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Galaxy

Cosmic Background Explorer, radio region, WMAP, Wilkinson Microwave Anisotropy Probe, sky map

Deeper web pages:

>  Early History of the Study of Galaxies

>  Classification of Galaxies

>  Determination of Extragalactic Distances

>  Distribution of Galaxies

>  Rotation of Spiral Galaxies

Galaxy, a massive ensemble of hundreds of millions of stars, all gravitationally interacting, and orbiting about a common center. Astronomers estimate that there are about 125 billion galaxies in the universe. All the stars visible to the unaided eye from Earth belong to Earthís galaxy, the Milky Way. The Sun, with its associated planets, is just one star in this galaxy. Besides stars and planets, galaxies contain clusters of stars; atomic hydrogen gas; molecular hydrogen; complex molecules composed of hydrogen, nitrogen, carbon, and silicon, among others; and cosmic rays.

Radiation from a Galaxy

Knowledge of the appearance of a galaxy is based on optical observations. Knowledge of the composition and motions of the individual stars comes from spectral studies in the optical region also. Because the hydrogen gas in the spiral arms of a galaxy radiates in the radio portion of the electromagnetic spectrum, many details of galactic structure are learned from studies in the radio region. The warm dust in the nucleus and spiral arms of a galaxy radiates in the infrared portion of the spectrum. Some galaxies radiate more energy in the optical region.

Recent X-ray observations have confirmed that galactic halos contain hot gas, gas with temperatures of millions of degrees. X-ray emission is also observed from objects as varied as globular clusters, supernova remnants, and hot gas in clusters of galaxies. Observations in the ultraviolet region also reveal the properties of the gas in the halo, as well as details of the evolution of young stars in galaxies.

Origins of Galaxies

As the 21st century began, astronomers believed they were much closer to understanding the origins of galaxies. Observations made by the Cosmic Background Explorer (COBE) satellite, which was launched in 1989, confirmed predictions made by the big bang theory of the universeís origin. COBE also detected small irregularities, or ripples, in the background radiation that uniformly pervades the universe. These ripples were thought to be clumps of matter that formed soon after the big bang. The clumps became the seeds from which galaxies and clusters of galaxies developed. The ripples were studied in more detail in limited regions of the sky by a variety of ground-based and balloon-based experiments. A more recent spacecraft, NASAís Wilkinson Microwave Anisotropy Probe (WMAP), made even more accurate observations of these ripples across the entire sky. In 2003 WMAPís results confirmed the existence of these galactic seeds, providing a full-sky map of the universeís emerging galaxies.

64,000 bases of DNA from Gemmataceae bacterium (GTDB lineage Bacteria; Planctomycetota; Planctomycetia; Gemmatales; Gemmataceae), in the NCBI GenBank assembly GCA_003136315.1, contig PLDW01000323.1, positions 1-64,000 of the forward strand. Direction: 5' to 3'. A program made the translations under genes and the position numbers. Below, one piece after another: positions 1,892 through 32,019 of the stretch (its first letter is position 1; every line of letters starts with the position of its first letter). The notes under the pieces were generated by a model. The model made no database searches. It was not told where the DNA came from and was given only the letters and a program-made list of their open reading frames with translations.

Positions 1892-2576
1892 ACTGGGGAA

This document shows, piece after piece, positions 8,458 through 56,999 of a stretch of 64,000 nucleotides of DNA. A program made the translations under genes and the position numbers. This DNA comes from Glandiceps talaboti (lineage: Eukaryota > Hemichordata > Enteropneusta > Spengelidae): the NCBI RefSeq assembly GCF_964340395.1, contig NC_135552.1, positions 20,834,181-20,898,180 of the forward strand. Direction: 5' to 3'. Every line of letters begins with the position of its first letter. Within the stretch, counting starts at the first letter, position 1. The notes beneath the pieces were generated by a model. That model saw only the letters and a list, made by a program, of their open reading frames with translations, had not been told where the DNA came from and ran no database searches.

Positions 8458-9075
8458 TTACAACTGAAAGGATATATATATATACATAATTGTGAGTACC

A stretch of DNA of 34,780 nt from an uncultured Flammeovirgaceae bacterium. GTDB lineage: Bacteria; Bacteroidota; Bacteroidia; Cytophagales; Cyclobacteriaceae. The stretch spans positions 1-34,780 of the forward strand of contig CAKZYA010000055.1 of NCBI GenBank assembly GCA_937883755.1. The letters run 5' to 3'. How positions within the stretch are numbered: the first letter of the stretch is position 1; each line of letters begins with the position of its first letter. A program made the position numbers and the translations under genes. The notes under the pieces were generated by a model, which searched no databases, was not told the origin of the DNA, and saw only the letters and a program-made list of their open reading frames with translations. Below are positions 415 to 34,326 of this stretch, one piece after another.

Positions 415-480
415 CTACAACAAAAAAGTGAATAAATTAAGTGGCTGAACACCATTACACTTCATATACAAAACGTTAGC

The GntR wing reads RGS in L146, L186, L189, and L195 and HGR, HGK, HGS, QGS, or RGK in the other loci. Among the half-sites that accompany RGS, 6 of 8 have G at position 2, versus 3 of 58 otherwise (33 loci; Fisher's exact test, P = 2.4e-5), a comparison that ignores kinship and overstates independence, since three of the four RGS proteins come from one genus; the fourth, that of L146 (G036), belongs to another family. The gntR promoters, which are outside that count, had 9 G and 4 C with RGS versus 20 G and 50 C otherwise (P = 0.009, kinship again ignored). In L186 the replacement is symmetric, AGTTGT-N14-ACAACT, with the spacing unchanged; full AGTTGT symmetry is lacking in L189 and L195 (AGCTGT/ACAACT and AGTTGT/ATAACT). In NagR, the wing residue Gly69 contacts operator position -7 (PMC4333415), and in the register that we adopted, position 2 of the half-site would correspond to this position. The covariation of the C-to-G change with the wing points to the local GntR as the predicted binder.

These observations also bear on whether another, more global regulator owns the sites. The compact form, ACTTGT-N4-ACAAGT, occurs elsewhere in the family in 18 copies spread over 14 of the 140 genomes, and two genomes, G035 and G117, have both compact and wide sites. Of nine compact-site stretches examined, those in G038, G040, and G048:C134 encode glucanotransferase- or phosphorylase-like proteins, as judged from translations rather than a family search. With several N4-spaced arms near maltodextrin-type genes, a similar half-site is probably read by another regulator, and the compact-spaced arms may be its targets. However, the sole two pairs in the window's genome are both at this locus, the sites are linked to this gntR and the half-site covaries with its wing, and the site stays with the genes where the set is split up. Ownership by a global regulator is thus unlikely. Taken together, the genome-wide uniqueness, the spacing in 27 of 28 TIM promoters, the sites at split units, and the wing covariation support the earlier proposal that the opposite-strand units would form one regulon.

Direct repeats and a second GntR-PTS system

Contributors

Rubin, Vera C., M.A., Ph.D.

Staff Member, Department of Terrestrial Magnetism, Carnegie Institution of Washington. Associate Editor, "Astrophysical Journal Letters". Member, Editorial Board, "Science".



Article key phrases:

Cosmic Background Explorer, radio region, WMAP, Wilkinson Microwave Anisotropy Probe, sky map, supernova remnants, globular clusters, spiral arms, COBE, molecular hydrogen, electromagnetic spectrum, background radiation, cosmic rays, nitrogen, hydrogen gas, hot gas, big bang theory, galaxies, nucleus, ripples, Milky Way, astronomers, objects, NASA, motions, Radiation, galaxy, composition, silicon, predictions, existence, universe, energy, satellite, carbon, degrees, Earth, temperatures, century, Sun, appearance, properties, results, Knowledge, details

 
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